Our place or yours?

Should engineering consultants be located at the customer’s premises, or is it more effective if they have their own offices? All operating models have their pros and cons.

When engineering consultants carry out project assignments for customers, the work can be done in different ways: consultants can either be located at the customers’ premises, or the work can be done as distance work, at the consultant’s own office. In addition, a variety of mixed models are also possible.

Traditionally, Citec has mainly carried out assignments at the home office (Model 5 in the picture). Citec’s organisation is essentially also built up to suit this way of working, especially considering the vast expertise available in India. However, as Citec’s customer base has now expanded, a need for new cooperation models has emerged.

Nichlas Råtts, Director of Engine Power at Citec, has recently spent a lot of time on elaborating new cooperation models. His ideas have sprung from the concrete needs of the customers, as he has a solid experience from working with many different customers.

General operating models for technology consultants.
General operating models for technology consultants.

“Not all customers are willing to work in accordance with our usual concept, which entails that the work is done entirely at our premises. This concept is most suitable when the cooperation has been going on for some time, and the assignment is large in terms of scope and size. When you have clear working routines, the customer doesn’t have to provide detailed work descriptions each time.”

Many factors will affect the choice of best operating model: the nature of the project, the length of time that the companies have worked together, and the line of business in which the customer company operates.

If the customer relationship is new, or the tasks by their nature are many and small, the customer may be reluctant to outsource the assignment to a consultant located at a different office, or even in a different country. In response to this, Citec has recently implemented a brand new cooperation model (Model 4). In this model, a project manager will be based at the customer’s office, but employed by Citec. The project manager receives the assignments, divides the tasks and passes them on to the colleagues at Citec.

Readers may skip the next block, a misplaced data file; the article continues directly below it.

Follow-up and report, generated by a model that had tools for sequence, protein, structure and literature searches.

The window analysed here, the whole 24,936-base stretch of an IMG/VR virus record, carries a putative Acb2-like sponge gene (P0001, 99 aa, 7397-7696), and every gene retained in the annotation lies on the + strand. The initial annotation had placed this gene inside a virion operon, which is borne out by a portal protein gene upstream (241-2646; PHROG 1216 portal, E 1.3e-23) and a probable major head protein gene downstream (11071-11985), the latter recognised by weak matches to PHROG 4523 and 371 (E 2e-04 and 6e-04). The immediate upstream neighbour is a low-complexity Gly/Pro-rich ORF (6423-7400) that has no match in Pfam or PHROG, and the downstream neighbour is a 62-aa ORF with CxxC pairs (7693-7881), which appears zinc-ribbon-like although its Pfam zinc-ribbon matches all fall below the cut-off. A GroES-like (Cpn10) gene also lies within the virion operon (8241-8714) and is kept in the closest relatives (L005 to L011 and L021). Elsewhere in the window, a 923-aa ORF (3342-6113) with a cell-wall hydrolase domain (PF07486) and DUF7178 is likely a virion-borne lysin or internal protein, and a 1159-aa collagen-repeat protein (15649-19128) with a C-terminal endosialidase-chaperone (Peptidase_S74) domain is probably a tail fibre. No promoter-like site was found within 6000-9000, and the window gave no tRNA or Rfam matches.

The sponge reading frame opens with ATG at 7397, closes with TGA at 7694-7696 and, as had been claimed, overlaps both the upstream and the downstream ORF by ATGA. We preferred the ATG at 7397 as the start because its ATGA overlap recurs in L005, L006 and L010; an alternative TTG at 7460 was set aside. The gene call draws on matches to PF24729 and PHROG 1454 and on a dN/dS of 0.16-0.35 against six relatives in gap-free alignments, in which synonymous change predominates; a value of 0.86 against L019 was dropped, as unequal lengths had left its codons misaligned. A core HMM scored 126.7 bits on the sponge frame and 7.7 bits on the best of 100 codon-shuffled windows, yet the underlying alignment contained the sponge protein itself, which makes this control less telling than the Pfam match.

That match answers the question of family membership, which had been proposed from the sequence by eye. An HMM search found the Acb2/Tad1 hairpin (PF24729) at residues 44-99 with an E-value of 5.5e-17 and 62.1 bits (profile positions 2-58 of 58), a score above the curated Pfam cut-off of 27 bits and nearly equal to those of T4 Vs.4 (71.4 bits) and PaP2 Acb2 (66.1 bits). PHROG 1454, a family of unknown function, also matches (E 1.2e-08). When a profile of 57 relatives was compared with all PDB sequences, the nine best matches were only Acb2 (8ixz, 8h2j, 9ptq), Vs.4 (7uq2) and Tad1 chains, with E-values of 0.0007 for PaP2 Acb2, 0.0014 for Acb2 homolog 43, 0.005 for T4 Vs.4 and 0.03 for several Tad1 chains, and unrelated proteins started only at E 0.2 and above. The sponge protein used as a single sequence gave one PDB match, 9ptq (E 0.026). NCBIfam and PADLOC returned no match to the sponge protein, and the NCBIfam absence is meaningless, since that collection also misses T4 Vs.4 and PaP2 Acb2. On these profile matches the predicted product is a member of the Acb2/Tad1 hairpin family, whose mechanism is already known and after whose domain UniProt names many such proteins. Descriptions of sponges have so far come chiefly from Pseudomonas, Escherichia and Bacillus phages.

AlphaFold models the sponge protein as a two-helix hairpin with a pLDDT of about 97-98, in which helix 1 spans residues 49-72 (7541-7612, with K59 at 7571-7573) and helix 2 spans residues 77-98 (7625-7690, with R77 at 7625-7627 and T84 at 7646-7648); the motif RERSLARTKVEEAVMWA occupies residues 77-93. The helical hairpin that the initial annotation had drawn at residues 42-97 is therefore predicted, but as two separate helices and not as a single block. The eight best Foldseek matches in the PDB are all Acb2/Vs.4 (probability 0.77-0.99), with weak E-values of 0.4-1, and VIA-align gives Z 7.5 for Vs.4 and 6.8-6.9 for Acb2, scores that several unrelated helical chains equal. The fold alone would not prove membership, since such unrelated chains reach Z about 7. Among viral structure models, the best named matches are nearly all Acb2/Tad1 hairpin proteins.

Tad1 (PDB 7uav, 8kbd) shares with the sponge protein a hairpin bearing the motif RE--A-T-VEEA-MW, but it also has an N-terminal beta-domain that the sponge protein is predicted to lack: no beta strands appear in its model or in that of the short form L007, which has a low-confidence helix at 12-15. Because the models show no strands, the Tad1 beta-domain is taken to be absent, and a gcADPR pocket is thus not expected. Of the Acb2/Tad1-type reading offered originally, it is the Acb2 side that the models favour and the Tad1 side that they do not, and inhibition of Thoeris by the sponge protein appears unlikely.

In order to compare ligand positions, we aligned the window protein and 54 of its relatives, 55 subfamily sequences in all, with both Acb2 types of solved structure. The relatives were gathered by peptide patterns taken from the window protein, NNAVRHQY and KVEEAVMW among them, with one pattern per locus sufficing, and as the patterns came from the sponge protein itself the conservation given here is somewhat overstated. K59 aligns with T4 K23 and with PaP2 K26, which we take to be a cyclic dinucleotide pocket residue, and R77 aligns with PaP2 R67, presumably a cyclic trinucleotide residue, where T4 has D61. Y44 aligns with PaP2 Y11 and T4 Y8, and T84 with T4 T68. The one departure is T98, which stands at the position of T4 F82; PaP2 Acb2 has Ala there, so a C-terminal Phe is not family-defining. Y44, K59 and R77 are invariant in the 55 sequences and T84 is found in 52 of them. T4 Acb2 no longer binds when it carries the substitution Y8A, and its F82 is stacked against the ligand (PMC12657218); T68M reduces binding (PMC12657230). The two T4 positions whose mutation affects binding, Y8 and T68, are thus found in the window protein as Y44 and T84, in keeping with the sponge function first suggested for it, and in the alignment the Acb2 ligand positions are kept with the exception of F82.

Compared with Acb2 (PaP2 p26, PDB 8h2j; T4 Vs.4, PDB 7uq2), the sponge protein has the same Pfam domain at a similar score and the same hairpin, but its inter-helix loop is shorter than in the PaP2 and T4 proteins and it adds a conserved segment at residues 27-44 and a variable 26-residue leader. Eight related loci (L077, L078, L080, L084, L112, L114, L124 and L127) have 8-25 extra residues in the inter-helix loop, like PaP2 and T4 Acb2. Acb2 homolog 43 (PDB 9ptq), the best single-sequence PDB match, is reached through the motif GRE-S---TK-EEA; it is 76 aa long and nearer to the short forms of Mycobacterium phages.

“The clear advantage of this system is that it lowers the threshold for the customer to outsource a job to Citec. This, in particular, applies to work that consists of multiple smaller tasks rather than larger whole project entities. It is both timeconsuming and laborious if the customer repeatedly has to explain their requests to us at Citec from the start. Now it is the project manager who informs us about the kind of service that the customer is looking for”, explains Råtts.

In different countries there are different practices as to how engineering consultants work. In Sweden, consultants have traditionally been customer-office based, whereas in Finland, the norm has been the opposite.

“To merely provide manpower, which is often customary in Sweden, has its limitations. It becomes more difficult to quickly increase the resources at peak loads, and it also becomes harder to utilise our cost-effective global resources. Cost-effectiveness is a very important competitive factor for many large corporations in today’s engineering world”, says Råtts.

Cost-effectiveness is a very important competitive factor for many large corporations in today’s engineering world.

However, from the client’s point of view, this can be seen as a safe way to operate, particularly if that is the way you have been used to working for many years.

“Many factors will affect the choice of best operating model: the nature of the project, the length of the customer relationship, and the line of business”, says Nichlas Råtts.
“Many factors will affect the choice of best operating model: the nature of the project, the
length of the customer relationship, and the line
of business”, says Nichlas Råtts.

Nichlas Råtts emphasises that Citec is happy to work according to Model 1, which means providing manpower, since customer drive and need is always essential. This, however, is more seen as an entry point, since Citec wants to have a plan for how to move towards Models 4 or 5.

“Ultimately, the question is about what you wish to gain from a partnership”, says Råtts.

A majority of Citec ’s current business is generated from project work that has been delivered according to Model 5; in other words, work which is done in its entirety at Citec. Nevertheless, Nichlas Råtts thinks that Citec cannot get stuck on this model. He has opened several interesting discussions with current customers, in order to find out whether the model being used is the most suitable one, or if other operating models should be tried out instead.

“It is our job to be business-minded and help our customers be comfortable and succeed. A new model which we have tested is one where the consultants sits with the customer to learn the ropes of the work and then move back to the home office.”

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